Global gold demand experienced a sharp setback in the second quarter (Q2) of 2011 compared with the same period of last year. This announcement came as something of a surprise, juxtaposed as it was on the recent leap in gold prices and the worsening economic problems affecting countries around the world. The World Gold Council (WGC) reported last Thursday that global gold demand fell to 919.8 tonnes from 1,107 tonnes year-on-year, representing a decline of 17%.
China and India continue to be the world's largest buyers of gold. Both of these countries are experiencing rapid increases in prices, something which is encouraging domestic investors to buy gold and silver. Despite rate increases by the People's Bank of China and several successive hikes in reserve requirement ratios for China's domestic banks, the country's inflation rate has continued to rise in recent months. For this reason, it is no surprise that China and India cumulatively accounted for 52% of global gold demand in Q2, as the WGC data show. While the average gold price jumped 26% in Q2, gold demand rose by 38% in China and by 25% in India respectively year-on-year.
The report stated further that the WGC expects future gold demand to be strong in both countries. China's persisting inflation will likely prove to be one of the main drivers of Asia's gold demand in the foreseeable future. Furthermore, important Indian festivals, such as Diwali – the festival of lights – are just around the corner. Indians traditionally use the occasion to give precious metals to family members, friends and relatives. Experts believe that this year's season will provide Indian gold and jewellery dealers with new sales records.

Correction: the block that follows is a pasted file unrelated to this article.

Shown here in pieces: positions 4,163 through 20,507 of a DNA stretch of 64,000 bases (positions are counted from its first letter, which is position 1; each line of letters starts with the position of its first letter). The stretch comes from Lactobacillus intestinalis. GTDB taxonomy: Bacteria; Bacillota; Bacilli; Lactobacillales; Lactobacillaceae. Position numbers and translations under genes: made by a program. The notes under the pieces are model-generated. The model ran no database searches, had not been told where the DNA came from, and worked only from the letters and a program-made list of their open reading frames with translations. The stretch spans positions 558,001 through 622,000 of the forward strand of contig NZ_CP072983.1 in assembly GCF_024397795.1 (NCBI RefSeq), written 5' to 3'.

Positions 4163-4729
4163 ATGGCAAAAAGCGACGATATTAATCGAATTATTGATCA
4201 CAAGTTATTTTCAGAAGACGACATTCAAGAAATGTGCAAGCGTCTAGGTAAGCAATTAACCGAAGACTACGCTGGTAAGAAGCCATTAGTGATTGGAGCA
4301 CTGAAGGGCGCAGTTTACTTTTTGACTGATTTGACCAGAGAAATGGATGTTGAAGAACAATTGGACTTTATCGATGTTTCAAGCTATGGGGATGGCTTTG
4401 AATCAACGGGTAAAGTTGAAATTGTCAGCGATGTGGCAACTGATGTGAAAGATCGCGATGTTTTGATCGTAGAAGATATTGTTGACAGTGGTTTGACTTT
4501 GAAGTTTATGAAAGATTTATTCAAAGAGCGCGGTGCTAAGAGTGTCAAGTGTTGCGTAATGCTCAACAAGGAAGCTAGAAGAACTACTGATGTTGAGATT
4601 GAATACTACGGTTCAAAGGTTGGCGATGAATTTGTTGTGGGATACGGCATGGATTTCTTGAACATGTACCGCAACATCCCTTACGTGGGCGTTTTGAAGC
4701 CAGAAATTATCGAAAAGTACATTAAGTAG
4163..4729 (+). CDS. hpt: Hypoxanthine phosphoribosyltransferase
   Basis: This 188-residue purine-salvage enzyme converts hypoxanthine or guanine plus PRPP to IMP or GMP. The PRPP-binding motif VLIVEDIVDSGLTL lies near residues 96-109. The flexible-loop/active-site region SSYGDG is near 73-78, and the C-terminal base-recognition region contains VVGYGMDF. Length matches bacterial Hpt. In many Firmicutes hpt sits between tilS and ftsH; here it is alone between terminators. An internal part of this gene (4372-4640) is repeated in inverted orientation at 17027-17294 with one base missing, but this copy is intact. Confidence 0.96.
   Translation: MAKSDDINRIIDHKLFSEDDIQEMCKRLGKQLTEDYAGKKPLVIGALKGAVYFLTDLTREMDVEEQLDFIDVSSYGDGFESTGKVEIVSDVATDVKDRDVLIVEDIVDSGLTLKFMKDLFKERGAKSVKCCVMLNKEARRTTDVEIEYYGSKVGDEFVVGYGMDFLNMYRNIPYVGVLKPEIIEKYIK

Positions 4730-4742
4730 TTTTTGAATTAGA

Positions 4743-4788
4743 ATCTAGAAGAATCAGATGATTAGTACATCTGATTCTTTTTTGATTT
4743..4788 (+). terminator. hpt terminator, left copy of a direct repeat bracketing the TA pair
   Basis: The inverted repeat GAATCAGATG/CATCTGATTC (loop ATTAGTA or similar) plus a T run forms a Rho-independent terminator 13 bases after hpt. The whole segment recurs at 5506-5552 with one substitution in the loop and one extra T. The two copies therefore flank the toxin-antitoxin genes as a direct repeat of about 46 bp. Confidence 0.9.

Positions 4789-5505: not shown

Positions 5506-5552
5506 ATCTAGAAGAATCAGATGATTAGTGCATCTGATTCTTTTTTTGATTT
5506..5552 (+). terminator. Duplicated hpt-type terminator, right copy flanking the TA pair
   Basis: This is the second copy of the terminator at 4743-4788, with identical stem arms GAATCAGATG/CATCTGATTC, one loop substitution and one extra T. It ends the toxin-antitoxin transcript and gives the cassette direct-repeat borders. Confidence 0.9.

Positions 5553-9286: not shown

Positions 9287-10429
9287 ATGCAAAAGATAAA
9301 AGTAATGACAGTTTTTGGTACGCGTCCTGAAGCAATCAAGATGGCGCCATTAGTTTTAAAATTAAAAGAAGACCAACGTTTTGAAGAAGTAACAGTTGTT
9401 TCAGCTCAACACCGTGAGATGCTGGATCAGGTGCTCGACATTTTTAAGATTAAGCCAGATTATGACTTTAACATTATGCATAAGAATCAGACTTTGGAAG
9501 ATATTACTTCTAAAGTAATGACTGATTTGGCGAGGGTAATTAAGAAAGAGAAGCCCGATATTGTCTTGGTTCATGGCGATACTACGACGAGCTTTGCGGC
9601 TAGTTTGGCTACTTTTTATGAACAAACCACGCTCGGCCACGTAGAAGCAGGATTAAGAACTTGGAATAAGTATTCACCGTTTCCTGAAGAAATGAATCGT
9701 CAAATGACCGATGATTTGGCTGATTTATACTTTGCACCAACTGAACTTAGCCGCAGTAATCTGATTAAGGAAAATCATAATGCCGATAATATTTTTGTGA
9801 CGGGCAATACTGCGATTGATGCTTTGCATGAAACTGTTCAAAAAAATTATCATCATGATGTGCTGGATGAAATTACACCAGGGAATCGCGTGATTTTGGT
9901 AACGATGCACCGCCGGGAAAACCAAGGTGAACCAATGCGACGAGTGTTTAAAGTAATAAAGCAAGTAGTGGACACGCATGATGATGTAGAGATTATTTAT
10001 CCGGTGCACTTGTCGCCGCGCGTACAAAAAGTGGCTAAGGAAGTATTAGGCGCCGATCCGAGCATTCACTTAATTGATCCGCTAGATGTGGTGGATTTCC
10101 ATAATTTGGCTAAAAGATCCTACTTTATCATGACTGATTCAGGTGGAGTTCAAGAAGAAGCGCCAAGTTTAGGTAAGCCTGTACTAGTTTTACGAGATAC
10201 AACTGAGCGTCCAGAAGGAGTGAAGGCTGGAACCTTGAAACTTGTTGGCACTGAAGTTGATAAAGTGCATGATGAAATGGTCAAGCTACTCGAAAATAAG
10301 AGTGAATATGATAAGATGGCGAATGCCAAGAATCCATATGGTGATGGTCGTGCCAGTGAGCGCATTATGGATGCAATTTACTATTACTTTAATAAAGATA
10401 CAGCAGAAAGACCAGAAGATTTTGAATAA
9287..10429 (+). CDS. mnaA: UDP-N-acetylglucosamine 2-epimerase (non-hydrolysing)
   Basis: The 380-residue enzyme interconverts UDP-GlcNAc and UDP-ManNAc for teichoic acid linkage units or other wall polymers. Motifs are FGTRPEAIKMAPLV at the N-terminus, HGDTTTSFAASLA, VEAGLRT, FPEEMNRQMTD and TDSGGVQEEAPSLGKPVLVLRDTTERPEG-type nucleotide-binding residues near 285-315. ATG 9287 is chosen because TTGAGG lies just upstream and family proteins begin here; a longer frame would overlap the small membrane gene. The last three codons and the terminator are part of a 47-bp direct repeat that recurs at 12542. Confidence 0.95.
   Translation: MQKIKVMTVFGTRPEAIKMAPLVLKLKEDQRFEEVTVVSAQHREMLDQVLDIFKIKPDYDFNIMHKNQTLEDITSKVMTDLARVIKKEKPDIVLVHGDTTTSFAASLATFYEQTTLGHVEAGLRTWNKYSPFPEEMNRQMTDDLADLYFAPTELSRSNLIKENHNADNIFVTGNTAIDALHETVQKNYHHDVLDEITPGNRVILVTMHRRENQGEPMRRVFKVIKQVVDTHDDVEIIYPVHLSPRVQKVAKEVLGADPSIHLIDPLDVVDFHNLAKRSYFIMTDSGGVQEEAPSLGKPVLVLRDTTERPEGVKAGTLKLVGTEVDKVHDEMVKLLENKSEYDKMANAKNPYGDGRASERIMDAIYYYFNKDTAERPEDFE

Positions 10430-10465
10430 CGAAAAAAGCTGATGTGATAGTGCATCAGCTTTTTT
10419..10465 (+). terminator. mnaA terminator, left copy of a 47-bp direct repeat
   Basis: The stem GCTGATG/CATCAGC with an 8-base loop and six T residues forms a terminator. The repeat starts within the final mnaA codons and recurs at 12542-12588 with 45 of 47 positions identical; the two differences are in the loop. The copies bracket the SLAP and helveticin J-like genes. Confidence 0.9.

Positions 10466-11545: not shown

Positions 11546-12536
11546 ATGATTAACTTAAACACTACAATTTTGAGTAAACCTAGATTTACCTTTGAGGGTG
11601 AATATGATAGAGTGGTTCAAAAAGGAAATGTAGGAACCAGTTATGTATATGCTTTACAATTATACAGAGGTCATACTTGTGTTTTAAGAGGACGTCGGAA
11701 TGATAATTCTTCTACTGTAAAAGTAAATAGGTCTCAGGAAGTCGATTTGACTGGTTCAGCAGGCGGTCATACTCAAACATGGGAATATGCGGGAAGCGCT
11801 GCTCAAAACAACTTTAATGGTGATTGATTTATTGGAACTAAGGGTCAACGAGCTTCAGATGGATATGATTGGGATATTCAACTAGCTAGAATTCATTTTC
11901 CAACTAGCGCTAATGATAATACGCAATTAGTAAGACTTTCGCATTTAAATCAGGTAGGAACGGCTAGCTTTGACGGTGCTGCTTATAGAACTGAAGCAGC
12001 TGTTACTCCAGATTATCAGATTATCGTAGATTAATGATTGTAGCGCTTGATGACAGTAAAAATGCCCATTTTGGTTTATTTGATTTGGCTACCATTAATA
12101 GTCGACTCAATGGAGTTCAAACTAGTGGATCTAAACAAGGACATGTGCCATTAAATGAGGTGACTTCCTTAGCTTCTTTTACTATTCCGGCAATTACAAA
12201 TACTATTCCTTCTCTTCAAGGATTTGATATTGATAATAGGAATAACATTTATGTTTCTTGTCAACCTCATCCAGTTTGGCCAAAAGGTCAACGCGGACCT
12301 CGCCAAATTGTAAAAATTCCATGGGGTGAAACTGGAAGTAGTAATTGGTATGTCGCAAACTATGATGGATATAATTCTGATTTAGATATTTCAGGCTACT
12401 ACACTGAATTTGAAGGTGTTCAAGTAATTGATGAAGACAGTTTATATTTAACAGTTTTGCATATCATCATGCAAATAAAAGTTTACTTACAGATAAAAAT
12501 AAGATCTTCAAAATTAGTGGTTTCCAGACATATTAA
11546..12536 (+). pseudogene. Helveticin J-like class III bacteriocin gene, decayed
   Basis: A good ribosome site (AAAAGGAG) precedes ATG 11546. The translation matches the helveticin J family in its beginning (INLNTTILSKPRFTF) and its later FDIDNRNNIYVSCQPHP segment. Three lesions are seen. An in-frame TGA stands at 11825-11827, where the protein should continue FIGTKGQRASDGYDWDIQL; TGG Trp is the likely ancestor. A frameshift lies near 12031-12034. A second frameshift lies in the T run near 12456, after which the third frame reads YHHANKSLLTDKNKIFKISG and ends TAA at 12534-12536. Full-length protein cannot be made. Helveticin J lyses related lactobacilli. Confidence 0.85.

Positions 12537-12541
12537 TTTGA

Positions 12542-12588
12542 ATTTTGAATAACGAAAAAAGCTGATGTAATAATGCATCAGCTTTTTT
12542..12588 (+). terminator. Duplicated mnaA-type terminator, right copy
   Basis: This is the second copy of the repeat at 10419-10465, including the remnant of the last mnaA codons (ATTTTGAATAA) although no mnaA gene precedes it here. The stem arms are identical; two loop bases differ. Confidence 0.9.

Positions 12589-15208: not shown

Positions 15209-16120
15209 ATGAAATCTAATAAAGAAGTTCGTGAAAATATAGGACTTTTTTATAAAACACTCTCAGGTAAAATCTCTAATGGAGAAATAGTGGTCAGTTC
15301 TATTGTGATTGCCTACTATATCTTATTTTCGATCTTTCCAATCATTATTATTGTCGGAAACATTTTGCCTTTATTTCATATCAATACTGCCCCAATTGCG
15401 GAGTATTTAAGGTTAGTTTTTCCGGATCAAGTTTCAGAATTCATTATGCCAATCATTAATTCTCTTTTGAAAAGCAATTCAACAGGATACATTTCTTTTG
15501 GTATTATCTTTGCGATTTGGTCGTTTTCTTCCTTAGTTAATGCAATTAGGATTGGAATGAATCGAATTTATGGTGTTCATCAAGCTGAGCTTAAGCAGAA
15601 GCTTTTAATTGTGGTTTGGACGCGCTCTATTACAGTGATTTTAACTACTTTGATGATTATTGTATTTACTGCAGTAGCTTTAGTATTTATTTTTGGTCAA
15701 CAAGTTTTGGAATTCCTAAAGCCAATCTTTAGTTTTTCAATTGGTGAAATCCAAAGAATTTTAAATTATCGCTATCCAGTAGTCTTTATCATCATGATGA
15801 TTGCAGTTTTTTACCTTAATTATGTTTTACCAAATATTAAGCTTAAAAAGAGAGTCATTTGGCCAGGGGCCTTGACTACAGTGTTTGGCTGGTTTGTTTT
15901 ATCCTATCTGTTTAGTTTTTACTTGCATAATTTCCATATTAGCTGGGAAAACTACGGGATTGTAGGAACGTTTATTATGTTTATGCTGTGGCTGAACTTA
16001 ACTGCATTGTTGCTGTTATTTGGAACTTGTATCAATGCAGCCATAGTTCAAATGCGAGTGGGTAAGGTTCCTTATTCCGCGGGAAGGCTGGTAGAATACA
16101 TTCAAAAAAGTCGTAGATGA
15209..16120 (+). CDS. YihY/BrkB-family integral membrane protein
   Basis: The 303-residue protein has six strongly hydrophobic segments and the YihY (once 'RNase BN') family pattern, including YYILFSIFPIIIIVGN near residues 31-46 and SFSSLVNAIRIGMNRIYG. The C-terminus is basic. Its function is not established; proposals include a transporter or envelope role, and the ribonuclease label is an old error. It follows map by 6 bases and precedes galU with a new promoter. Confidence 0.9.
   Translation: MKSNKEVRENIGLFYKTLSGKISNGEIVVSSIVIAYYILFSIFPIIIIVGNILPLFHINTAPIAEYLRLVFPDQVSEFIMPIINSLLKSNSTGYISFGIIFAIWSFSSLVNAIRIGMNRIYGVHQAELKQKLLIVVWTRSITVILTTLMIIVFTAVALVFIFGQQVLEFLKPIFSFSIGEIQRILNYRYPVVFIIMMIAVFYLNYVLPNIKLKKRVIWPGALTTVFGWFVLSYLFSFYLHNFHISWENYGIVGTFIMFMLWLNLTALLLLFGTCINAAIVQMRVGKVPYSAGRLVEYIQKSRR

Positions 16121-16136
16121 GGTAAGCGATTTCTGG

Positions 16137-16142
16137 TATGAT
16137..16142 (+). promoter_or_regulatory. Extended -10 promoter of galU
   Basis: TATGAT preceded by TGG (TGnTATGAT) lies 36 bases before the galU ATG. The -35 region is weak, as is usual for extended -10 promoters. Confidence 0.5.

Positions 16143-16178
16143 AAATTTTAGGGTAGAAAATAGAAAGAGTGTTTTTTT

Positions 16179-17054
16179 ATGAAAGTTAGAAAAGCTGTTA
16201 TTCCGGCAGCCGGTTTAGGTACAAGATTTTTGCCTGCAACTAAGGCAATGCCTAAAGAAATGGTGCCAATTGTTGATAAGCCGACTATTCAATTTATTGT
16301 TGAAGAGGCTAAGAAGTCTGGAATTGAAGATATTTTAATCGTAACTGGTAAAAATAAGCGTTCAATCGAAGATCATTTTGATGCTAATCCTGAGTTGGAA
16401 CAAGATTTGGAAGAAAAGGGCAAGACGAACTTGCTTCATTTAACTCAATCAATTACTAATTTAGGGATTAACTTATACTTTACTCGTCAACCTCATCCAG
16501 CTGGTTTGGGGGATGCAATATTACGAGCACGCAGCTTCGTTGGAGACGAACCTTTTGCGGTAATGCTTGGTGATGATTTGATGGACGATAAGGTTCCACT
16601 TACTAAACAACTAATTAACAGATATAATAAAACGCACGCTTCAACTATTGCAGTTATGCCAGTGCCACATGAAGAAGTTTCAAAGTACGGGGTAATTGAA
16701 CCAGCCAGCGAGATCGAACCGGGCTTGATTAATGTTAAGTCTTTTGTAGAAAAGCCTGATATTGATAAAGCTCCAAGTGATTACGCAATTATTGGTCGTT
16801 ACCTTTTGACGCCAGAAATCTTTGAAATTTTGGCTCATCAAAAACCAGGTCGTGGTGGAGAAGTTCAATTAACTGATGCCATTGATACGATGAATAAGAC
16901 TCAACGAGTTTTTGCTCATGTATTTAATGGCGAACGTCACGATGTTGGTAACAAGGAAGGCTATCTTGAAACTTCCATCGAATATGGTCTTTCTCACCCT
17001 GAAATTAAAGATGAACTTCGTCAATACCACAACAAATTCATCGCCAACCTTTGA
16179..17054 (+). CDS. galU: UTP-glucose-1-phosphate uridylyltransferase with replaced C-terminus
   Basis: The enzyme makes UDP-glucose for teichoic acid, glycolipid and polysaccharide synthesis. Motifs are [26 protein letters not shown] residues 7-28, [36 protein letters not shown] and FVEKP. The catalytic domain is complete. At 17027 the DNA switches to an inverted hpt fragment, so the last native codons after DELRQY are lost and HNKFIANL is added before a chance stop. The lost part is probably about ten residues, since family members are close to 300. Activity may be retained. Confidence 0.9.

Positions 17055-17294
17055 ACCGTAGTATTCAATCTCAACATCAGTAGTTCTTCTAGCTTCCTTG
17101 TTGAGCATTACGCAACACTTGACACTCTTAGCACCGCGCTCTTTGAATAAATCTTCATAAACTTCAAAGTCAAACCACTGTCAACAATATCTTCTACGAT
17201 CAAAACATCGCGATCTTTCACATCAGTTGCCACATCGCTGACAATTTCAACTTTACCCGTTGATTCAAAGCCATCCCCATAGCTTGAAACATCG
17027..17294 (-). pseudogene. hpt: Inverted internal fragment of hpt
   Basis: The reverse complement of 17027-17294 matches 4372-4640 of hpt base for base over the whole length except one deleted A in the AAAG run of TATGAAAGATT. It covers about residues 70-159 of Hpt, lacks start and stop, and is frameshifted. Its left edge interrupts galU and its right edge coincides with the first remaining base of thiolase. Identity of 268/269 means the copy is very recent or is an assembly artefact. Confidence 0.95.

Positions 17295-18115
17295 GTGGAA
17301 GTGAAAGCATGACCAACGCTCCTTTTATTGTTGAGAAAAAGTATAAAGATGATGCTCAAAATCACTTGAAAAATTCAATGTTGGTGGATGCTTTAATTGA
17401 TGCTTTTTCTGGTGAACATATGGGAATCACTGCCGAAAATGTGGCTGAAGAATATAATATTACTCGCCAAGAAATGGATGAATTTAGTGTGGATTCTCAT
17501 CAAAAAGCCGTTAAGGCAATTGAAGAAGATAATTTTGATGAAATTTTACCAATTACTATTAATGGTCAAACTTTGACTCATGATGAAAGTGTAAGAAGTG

India's gold imports could reach 950 to 1000 tonnes this year, according to Prithviraj Kothari – president of the Bombay Bullion Association. Rising Indian gold imports are likely to offer sustainable support for the yellow metal's future price development. According to the WGC, gold transactions increased by 5% in value terms to $44.5 billion year-on-year, which is the second highest transaction value that has ever been reached. Nevertheless, global investment demand for gold suffered a setback in the reporting period – declining by 37% year-on-year. Gold demand reached a record of 574.2 tonnes among capital market investors in the second quarter of 2010, but this number dropped to 359.4 tonnes in Q2/2011.
The data suggests that speculative buyers may have used the run-up in gold prices to take profits. But the WGC still remained optimistic on gold. Not only Europe's escalating debt crisis, but also the intractable economic problems in the United States are offering key support to the gold price, and are likley to encourage more and more people around the world to buy gold.